"If he didn't teach you, who did?"  Miss Caroline asked good naturedly. "Somebody did. You weren't born reading The Mobile Register. . . Now you tell your father not to teach you any more. It's best to begin reading with a fresh mind. You tell him I'll take over from here and try to undo the damage."

I mumbled that I was sorry and retired, meditating upon my crime. I never deliberately learned to read, but somehow I had been wallowing illicitly in the daily papers. In the long hours of church - was it then I learned? I could not remember not being able to read hymns. Now that I was compelled to think about it, reading was something that just came to me. . . I never loved to read. One does not love breathing. (p. 17-18)

Blessings,

Wednesday, September 27, 2017

Books I Read in September

To be honest, I didn't really enjoy any of the books I read this month (except for the last two). Here's the list:

The Made From Scratch Life by Norris (introduction to homesteading with Bible verses thrown in)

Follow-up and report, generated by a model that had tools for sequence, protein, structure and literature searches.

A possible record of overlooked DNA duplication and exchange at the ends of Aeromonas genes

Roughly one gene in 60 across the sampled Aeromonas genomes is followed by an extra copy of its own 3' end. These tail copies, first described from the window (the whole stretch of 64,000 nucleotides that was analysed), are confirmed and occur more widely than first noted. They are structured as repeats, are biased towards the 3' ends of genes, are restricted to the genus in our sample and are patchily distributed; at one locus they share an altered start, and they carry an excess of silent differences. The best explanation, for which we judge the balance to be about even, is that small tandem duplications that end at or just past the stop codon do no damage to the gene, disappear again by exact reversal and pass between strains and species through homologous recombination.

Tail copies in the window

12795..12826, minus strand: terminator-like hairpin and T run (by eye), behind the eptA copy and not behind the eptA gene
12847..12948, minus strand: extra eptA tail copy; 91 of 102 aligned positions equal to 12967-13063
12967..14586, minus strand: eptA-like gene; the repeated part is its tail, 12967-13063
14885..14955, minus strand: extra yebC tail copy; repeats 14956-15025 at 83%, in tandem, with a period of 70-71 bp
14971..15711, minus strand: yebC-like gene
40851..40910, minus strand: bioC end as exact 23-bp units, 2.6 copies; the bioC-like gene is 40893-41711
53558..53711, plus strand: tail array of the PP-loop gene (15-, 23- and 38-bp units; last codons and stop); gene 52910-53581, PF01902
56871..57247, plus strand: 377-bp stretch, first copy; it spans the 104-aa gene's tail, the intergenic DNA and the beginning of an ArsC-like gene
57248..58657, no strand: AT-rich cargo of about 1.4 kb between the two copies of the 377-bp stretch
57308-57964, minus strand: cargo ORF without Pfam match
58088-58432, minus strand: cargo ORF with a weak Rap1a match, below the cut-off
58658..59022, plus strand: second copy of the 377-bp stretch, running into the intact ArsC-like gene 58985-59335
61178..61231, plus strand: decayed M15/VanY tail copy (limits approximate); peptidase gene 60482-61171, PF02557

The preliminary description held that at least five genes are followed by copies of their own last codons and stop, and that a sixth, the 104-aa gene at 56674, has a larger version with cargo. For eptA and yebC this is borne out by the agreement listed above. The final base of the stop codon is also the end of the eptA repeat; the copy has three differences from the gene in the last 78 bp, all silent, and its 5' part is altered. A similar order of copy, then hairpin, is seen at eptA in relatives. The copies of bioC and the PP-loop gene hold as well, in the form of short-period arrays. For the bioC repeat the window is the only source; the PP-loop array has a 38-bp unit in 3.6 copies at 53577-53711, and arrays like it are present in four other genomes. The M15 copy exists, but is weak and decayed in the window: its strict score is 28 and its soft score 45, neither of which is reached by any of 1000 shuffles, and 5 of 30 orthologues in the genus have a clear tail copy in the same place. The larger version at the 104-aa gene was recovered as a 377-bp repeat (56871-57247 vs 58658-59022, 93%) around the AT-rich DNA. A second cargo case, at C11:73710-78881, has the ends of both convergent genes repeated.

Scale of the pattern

I Will Repay by Baroness Orczy (part of the Scarlet Pimpernel series with, sadly, very little Sir Percy)
The American Heiress by Dorothy Eden (light fiction, reviewed here)
Murder at the Lighthouse by Frances Evesham (light mystery)
The Incomparable Christ by Sanders (I'm embarrassed that I didn't enjoy this classic; much of the excellent content was hidden amid syrupy poetry and suppositions about Christ's life.)
A Singular and Whimsical Problem by R. McMillan (A mystery that read like a teenage diary with one scripture verse thrown in for good measure.)
Mission at Nuremberg by Townsend (WWII non-fiction, the story of the American chaplain sent to minister to the Nazi war criminals, review forthcoming.)
The Church Planting Wife: Help and Hope for her Heart by Christine Hoover (a helpful re-read)

Last chance book deals this month:
Free audiobook from Christian Audio: Steven Curtis Chapman's Between Heaven and the Real World
Two vintage e-book mysteries: Lord Peter Views the Body (Lord Peter Wimsey #4) by Dorothy Sayers, and A Going Concern by Catherine Aird